Sales of UDO discs and drives are going well and the format is replacing MO technology faster than expected, according to Plasmon.
UDO was launched in mid-November last year and uses a blue laser to store up to 30G bytes of data on a disc a little larger than a CD or DVD. It's been positioned by Plasmon to replace MO in the data archiving space. One of its key advantages in this respect is that UDO cartridges are almost identical to those used with MO. This means it's easier to mix and match MO and UDO drives in the same library, said Chris Harris, president of Plasmon.
Initial sales of the system were hampered by lack of support for UDO in software packages used to control data libraries but the last major software maker to add support, EMC Corp.'s Legato, did so in June, said Harris. On the hardware side, drives are available in libraries from Plasmon and Hewlett-Packard Co.'s StorageWorks line. Plasmon said in its first ten months on the market more than 2P bytes of UDO archival storage library capacity has been shipped. A petabyte is one million gigabytes.
"Since we've launched UDO, we've seen a 26 percent growth in Plasmon group unit sales for 5.25-inch libraries and also see a big switch from MO to UDO," said Harris. "Many vendors offer support for both (MO and UDO) and we thought it would be important but we've seen a big switch from libraries with MO-only to UDO-only."
Cost is seen as a big driver. Figures from Plasmon show the total cost of ownership of UDO is significantly cheaper than MO and just a little higher than DVD. The format is also hitting DVD shipments into the professional space because it is much more reliable, said Harris.
"In professional storage, DVD has had its day," he said. "Our customers, especially those in the medical field, are fed up of DVD. It's consumer, it's ubiquitous, and they tend to buy the cheapest spindle-media but they find it's not quite compliant and they have problems losing data."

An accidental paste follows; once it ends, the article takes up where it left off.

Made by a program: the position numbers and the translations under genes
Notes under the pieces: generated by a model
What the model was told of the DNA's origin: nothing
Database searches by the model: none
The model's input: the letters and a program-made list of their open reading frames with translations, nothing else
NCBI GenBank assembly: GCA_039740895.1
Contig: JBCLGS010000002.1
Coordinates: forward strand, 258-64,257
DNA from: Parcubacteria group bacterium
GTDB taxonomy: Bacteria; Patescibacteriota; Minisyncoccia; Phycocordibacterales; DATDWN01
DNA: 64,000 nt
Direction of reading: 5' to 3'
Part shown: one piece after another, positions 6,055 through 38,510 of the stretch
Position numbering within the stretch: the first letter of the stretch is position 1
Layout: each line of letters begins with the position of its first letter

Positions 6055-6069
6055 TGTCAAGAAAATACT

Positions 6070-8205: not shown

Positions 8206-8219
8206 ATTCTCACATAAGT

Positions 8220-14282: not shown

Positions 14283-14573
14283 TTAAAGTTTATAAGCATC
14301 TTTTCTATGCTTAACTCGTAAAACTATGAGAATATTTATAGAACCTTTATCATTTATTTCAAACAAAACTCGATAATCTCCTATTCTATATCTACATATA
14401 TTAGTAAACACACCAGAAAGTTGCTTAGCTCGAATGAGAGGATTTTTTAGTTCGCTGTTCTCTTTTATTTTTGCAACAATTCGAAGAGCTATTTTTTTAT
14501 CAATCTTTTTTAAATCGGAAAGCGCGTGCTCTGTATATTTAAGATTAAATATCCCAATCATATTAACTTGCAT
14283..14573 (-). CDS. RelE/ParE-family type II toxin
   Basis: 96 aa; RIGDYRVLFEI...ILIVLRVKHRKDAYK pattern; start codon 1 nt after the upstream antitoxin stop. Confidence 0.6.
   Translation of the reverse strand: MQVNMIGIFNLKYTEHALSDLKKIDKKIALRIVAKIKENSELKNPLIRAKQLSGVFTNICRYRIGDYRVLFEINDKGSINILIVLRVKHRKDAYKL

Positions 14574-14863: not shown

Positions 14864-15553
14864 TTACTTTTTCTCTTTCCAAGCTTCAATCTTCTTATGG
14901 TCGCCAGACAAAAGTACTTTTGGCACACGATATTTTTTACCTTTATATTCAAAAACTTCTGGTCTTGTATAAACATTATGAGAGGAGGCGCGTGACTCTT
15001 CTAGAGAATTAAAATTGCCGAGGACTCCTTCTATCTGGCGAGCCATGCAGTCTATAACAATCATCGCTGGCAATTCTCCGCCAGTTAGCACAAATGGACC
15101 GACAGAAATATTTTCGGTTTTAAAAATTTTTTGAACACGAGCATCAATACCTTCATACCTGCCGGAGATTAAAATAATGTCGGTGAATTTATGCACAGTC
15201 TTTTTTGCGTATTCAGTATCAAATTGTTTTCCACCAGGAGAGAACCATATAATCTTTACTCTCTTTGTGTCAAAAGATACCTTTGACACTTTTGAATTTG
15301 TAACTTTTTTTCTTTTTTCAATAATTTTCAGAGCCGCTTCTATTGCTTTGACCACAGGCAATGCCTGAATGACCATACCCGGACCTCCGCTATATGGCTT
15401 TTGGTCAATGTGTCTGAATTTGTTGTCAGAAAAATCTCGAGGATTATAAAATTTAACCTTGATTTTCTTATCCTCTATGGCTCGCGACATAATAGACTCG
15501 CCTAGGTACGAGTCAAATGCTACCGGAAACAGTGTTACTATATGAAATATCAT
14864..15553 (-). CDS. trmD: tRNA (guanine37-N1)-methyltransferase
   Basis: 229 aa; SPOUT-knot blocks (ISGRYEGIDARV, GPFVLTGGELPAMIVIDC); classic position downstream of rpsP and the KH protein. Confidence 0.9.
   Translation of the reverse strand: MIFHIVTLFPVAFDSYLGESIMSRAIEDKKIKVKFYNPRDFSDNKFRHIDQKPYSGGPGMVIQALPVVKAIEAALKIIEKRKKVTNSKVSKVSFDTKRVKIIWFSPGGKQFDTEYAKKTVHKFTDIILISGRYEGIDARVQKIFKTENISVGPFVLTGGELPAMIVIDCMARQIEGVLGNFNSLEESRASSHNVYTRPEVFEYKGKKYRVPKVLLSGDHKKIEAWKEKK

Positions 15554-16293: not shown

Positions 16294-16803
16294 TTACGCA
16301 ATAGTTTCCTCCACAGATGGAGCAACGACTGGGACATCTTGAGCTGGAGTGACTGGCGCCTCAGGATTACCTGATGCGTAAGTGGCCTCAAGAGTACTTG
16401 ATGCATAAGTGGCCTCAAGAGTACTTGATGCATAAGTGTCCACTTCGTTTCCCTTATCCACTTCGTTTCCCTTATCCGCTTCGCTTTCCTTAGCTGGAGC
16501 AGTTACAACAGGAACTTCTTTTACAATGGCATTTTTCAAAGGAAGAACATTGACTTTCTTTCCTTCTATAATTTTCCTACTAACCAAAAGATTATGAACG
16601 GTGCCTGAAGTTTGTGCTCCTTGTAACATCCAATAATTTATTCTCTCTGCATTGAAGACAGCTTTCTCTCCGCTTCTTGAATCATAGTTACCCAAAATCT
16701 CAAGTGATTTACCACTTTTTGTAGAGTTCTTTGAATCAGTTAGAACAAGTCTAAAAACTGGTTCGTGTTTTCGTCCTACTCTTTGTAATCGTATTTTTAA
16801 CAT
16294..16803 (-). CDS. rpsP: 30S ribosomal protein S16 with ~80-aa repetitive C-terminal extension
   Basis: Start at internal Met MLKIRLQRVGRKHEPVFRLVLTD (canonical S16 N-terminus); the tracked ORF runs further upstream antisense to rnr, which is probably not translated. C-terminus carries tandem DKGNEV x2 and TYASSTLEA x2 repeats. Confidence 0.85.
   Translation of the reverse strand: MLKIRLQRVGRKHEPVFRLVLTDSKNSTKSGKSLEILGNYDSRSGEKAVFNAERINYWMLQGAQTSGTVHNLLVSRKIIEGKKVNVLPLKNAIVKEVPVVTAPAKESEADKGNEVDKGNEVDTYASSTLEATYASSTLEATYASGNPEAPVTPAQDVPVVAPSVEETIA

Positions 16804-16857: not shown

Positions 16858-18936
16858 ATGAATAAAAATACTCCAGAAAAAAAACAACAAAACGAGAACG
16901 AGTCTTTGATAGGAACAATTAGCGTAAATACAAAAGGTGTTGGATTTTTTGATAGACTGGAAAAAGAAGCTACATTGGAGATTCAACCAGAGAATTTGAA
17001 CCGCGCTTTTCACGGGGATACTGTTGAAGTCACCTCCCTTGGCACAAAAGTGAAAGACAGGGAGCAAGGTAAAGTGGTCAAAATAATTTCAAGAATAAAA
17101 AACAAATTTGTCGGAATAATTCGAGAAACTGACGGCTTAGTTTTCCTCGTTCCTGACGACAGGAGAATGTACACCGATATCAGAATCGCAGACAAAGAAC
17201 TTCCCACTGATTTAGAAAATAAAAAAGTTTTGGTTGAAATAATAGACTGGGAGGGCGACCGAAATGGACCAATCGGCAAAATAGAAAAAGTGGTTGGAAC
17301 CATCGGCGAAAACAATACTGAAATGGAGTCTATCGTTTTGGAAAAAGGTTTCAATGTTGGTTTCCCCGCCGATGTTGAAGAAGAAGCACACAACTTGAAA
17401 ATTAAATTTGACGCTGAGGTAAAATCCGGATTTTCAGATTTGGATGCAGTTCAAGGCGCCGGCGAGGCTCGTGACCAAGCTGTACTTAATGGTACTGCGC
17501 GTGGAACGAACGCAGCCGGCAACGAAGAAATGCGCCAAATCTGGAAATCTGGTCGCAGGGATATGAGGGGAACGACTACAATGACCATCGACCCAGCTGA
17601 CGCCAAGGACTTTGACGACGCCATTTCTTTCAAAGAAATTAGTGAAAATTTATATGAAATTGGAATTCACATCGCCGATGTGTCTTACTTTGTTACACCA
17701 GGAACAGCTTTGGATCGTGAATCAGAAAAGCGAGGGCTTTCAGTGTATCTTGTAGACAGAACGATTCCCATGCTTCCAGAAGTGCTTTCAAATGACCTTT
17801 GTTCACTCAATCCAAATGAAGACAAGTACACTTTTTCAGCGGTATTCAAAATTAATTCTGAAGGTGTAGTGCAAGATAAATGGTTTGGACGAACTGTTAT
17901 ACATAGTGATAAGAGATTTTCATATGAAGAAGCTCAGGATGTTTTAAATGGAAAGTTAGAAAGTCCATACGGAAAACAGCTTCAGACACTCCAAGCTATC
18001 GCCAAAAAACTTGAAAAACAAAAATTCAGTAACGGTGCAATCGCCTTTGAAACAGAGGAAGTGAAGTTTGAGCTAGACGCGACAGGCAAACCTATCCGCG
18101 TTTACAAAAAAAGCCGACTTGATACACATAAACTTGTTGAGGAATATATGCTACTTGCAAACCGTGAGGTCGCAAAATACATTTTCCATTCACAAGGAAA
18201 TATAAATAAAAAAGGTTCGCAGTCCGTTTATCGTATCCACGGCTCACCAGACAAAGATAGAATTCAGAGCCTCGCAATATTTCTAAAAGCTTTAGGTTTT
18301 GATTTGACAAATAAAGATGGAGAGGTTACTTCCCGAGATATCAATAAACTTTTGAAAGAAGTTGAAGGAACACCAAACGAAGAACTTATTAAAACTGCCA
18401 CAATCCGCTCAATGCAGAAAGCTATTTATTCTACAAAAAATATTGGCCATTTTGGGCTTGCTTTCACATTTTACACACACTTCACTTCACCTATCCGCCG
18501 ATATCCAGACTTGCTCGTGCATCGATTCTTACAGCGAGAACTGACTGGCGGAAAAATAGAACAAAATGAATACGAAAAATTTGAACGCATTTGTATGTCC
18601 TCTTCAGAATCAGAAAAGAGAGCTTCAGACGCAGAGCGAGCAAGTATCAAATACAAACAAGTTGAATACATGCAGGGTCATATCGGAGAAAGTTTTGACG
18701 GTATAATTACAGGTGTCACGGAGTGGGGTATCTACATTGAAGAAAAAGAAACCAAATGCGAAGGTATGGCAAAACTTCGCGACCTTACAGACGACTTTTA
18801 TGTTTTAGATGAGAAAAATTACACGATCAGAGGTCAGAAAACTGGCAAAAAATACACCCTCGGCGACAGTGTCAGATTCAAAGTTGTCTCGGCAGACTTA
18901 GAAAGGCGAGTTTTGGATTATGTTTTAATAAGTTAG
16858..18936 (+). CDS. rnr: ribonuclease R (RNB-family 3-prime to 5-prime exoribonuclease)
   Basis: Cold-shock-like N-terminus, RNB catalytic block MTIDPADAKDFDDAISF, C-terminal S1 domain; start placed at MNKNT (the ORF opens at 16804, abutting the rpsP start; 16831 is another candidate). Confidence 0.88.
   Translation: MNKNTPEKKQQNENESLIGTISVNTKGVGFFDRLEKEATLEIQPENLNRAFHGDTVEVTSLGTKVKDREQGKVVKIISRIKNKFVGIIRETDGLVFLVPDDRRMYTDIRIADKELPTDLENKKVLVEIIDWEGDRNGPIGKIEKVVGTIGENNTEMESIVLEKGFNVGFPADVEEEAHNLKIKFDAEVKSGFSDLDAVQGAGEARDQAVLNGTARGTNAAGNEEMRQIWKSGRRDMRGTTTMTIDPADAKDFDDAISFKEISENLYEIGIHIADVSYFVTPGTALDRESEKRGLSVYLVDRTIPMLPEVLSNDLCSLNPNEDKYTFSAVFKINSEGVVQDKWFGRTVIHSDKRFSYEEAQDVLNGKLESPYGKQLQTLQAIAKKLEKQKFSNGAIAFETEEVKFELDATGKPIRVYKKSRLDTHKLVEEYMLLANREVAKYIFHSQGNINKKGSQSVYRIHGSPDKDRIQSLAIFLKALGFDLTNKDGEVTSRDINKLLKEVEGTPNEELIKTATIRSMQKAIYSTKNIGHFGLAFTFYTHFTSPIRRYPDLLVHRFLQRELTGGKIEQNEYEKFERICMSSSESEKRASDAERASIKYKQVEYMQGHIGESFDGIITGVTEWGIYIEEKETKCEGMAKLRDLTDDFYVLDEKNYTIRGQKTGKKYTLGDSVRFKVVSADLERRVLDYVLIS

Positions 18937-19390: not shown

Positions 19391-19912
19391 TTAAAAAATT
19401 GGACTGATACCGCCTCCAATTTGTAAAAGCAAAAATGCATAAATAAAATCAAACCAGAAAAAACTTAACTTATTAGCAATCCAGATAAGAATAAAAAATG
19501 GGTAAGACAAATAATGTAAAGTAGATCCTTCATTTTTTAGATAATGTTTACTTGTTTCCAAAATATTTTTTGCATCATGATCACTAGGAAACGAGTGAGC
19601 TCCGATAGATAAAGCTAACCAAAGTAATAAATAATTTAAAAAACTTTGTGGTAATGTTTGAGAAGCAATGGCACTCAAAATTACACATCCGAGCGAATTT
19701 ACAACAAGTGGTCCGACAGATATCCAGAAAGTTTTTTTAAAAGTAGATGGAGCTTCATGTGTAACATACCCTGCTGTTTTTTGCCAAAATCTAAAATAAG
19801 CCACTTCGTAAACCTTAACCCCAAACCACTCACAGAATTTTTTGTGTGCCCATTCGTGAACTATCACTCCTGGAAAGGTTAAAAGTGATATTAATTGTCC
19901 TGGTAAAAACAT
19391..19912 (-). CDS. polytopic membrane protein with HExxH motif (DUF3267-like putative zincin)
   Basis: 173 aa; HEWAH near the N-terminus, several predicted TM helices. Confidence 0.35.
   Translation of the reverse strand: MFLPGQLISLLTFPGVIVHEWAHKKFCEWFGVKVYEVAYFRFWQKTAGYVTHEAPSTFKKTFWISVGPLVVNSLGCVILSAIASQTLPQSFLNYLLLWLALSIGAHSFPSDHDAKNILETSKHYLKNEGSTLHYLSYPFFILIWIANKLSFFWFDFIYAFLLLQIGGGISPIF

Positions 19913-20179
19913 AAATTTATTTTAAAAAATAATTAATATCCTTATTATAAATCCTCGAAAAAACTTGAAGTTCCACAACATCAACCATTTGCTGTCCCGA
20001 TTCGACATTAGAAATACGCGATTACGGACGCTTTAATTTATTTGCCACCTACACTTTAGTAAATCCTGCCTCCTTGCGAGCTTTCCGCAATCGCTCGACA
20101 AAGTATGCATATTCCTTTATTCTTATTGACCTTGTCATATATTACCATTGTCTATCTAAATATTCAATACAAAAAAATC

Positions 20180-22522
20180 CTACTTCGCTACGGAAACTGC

"We've positioned (UDO) as price competitive to DVD so they are keen to switch," he said.
The discs cost about US$60 for a recordable disc and $70 for a rewritable disc -- prices that Harris doesn't see coming down until volume increases. However, the company plans to make higher capacity discs at the same price as existing products so the price per bit is expected to fall.
Last year when it launched UDO, Plasmon said it would produce a 60G byte disc in 2005 and a 120G byte disc in 2007 but both these dates have slipped, said Harris. The new date for the 60G-byte media is mid-2006 and the 120G-byte disc should be available around the end of 2008, he said.
The reliability of UDO drives and disks has proved high, said Harris.
"We've shipped thousands of drives and we've had three back," he said. "In one we could find no problems, one had been dropped and one had a cable loose."
At present UDO has few rivals but one is from Sony Corp. The company has produced a modified version of the consumer Blu-ray Disc technology under the name Professional Disc for Data (PDD) and is selling two versions, one aimed at the same data archiving market as UDO and the other at the broadcasting industry. Harris isn't worried.
"A year to 18 months ago, I was much more worried about (Professional Disc)," he said. "They do have a product and they've sold a handful of drives. The problem they have it that its neither like bare disc DVD or the same physical format as 5.25-inch UDO or MO." This means it doesn't fit easily into existing disc library automation systems and so adopting it is more complicated that switching from MO to UDO, he said.